At certain times in the dead of the night, while the rest of Oneonta sleeps, a select few are willing to answer our community’s call for help. These individuals could be responding to a medical call, extracting a person from a wrecked vehicle, or fighting to save a family’s home from being burned to the ground.
Firefighters spend hours studying and undergo strenuous training to prepare for what may lie ahead of them when they receive a call, and in those rare cases when we are in trouble and in need of help, they may be the ones we depend on to save our lives.
However, amidst the stress and hustle of a firefighter’s life after they receive a call for help, the rest of their day remains somewhat calm. A better explanation of this would be their daily chores.Mondays are for pre-planning. Firefighters go to different businesses and churches and venture through the building deciding what the best plan of action would be if a fire occurred there. On Tuesdays, they wash and sterilize their two 22-ton firetrucks. Wednesdays and Thursdays are designated for various cleaning activities, and on Friday they work outside, mowing grass and doing other work around the station.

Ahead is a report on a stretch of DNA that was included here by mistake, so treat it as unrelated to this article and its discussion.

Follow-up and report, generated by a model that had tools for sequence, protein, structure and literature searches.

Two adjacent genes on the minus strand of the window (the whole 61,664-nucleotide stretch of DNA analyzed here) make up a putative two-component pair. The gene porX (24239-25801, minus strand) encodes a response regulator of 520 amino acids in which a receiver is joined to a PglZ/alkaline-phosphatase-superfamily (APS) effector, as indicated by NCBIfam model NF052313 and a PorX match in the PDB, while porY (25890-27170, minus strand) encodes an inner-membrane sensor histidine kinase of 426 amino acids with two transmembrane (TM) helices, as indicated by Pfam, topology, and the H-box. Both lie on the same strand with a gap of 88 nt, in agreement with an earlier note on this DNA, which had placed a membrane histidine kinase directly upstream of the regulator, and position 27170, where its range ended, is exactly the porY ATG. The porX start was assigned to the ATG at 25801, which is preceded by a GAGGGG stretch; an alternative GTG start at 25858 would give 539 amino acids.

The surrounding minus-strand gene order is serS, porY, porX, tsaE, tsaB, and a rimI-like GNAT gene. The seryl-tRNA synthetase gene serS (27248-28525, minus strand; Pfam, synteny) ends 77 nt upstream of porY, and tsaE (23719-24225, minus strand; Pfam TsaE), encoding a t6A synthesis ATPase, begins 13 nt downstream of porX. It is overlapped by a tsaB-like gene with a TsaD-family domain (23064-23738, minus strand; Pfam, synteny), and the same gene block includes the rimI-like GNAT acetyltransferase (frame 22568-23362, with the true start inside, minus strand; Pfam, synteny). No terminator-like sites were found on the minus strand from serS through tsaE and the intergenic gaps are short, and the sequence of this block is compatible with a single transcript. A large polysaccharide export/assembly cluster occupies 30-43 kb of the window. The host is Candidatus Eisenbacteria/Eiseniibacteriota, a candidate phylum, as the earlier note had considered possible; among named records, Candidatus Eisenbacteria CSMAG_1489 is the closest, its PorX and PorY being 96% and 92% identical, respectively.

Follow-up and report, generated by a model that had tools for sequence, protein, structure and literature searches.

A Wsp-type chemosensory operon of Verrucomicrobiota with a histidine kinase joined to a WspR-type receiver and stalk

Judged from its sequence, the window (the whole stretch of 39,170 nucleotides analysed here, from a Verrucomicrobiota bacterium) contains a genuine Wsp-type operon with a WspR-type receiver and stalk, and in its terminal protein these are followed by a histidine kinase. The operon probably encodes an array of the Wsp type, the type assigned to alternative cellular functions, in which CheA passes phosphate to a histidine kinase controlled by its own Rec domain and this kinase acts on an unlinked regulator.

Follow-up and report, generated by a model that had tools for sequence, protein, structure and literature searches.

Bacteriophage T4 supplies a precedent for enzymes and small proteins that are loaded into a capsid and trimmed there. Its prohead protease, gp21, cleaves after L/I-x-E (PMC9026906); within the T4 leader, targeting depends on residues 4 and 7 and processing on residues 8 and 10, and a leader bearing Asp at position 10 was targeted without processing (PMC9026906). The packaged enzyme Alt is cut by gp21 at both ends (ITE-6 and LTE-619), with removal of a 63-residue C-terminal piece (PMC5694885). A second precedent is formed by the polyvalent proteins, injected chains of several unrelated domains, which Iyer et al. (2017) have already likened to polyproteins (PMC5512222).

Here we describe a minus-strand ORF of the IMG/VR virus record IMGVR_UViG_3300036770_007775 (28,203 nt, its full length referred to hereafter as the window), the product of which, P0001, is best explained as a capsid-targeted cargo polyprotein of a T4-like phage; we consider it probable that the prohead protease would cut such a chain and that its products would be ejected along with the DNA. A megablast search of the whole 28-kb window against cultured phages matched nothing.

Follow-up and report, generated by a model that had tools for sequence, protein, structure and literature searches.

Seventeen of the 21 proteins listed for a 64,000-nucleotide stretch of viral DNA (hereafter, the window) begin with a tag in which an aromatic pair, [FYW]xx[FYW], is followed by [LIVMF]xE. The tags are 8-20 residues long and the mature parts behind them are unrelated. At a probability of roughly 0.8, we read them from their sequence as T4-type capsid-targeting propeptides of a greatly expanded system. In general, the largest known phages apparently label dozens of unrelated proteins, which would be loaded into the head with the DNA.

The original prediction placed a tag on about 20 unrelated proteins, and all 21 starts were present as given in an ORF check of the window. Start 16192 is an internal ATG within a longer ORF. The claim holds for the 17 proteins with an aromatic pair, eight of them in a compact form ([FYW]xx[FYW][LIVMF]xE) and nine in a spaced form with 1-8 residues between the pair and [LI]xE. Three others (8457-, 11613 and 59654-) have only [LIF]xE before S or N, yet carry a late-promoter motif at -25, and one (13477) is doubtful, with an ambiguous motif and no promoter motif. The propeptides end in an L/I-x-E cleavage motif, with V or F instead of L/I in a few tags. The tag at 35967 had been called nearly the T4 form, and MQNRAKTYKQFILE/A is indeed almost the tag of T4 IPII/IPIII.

The firemen have plenty of time to finish their daily chores. At the Oneonta Fire Department, firefighters work for 24 hours and are off for 48 hours, 7 a.m. – 7 a.m. Amazingly, even though those hours already seem rough, most firefighters choose to work another job in a firefighting or paramedic-related field with the same working hours. With two jobs this leaves them working 48 hours on and only 24 off.